The vagueness to the public of the statement is further reflected in the fact that the headline of a story on the summit on the front page of the NY Times by Nicholas Wade got the gist of the summit statement exactly wrong and incorrectly said that the organizers did endorse a ban (see above).

Why did the organizers go for an orange light approach to germline human genetic modification?

Perhaps as a group this best represented their range of opinions. In other words, they themselves did not reach a consensus to have a moratorium. I didn’t sense that there was such a consensus overall at the whole summit either. Reaching a consensus in science can be extremely challenging so by their nature consensus statements may tend not to be decisive. I get that.ABCD Plan Human Germline Modification

One potential more practical reason for not proposing a moratorium is that the organizers firmly believe that germline human genetic modification will someday prove useful and desirable. I got that vibe from some of their talks as well as from those of other very influential parties at the meeting. In that hypothetical scenario, a moratorium today could be hard to reverse tomorrow (in the future). Perhaps they didn’t want to risk impeding the clinical translation of the technology in the future with a moratorium. However, a pause in human genetic modification need not have been onerous or long-term.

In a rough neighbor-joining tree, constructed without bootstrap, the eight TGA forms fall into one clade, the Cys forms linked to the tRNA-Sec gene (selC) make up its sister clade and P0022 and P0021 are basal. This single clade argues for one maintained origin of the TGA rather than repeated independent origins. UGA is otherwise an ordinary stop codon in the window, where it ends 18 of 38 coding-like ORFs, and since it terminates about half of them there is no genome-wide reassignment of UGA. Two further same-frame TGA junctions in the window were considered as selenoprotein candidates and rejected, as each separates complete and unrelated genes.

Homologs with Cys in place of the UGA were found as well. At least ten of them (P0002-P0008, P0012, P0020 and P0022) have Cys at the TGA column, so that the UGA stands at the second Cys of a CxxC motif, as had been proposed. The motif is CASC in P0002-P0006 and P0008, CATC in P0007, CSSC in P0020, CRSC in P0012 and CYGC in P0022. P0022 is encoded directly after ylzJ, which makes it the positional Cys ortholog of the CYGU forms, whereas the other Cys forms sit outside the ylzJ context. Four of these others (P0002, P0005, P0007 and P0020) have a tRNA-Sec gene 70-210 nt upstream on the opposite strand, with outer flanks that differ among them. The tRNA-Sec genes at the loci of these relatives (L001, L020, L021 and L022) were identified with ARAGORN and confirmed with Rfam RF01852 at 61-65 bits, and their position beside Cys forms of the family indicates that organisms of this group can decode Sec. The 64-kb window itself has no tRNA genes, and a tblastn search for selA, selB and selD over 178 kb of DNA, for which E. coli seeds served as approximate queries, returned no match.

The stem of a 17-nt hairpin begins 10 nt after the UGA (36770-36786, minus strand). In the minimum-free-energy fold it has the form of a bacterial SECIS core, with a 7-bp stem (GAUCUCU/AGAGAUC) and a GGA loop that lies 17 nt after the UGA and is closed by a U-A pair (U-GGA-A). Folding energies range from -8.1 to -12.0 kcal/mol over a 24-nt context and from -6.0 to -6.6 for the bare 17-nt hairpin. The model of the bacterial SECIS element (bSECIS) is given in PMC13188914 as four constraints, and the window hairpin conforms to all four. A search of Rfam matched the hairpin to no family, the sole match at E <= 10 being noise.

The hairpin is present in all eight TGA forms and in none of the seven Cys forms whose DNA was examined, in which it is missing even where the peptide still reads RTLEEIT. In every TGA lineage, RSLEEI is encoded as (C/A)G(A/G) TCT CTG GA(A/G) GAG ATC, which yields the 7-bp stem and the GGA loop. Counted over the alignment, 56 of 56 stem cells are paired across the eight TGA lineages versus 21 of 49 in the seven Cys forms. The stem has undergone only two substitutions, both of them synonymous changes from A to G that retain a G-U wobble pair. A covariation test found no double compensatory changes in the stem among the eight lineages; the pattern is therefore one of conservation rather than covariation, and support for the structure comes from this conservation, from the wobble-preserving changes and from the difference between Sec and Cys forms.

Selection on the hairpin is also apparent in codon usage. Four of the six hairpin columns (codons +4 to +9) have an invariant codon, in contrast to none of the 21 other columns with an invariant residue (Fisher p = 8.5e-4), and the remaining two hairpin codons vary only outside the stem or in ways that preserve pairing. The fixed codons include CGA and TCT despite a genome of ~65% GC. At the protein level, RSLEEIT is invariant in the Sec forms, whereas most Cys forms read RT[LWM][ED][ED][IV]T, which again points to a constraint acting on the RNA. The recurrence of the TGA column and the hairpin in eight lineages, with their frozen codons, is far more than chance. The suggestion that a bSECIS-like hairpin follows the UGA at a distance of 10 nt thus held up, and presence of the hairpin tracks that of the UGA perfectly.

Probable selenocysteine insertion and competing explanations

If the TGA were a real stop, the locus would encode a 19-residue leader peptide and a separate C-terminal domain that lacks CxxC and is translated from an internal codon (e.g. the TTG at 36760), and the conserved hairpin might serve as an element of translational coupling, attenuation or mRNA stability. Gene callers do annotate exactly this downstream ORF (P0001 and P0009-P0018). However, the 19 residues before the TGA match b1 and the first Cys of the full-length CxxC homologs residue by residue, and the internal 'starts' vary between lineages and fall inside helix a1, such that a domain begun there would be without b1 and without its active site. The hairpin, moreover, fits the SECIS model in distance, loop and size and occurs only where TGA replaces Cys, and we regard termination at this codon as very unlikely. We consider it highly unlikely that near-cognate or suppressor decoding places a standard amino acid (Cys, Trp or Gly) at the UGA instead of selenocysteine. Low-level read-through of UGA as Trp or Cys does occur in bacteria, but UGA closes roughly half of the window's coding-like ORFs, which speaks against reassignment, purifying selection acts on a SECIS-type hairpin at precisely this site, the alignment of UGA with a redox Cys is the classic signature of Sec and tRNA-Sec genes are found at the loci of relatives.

Another possible consideration for the organizers is that a clinical moratorium could have hypothetically also unintentionally discouraged human embryo gene editing research in the laboratory so this may be another reason for not pursuing a moratorium. Again like the organizers, I also support such research, but for me it should be on a limited basis with appropriate bioethics training, transparency, and oversight (see my ABCD plan).

In the end, the statement from the organizers would have been more effective if it had been far shorter, clearer, and understandable to the lay public. Perhaps they were most focused on sending a message to scientists who might be more likely to get the key points of the statement, but even so it would have been best to be understandable to all.

I hope that with continuing dialogue and meetings, which the organizers also rightly proposed, that this issue can be clarified further and that the public can be engaged at a far deeper level. However, there is strong urgency for action and clarity here, and the lack of a decisive statement from this unique meeting was a missed opportunity in that regard.

Time is short. The technology in this arena is advancing at warp speed, it is so ubiquitous, and there is such strong enthusiasm that we do not have the luxury of years to have more meetings and discussions, as much as they may be very important, without taking a clear stance.

The number one question I’m hearing today after the meeting is concerning: isn’t human heritable genetic modification now already inevitable?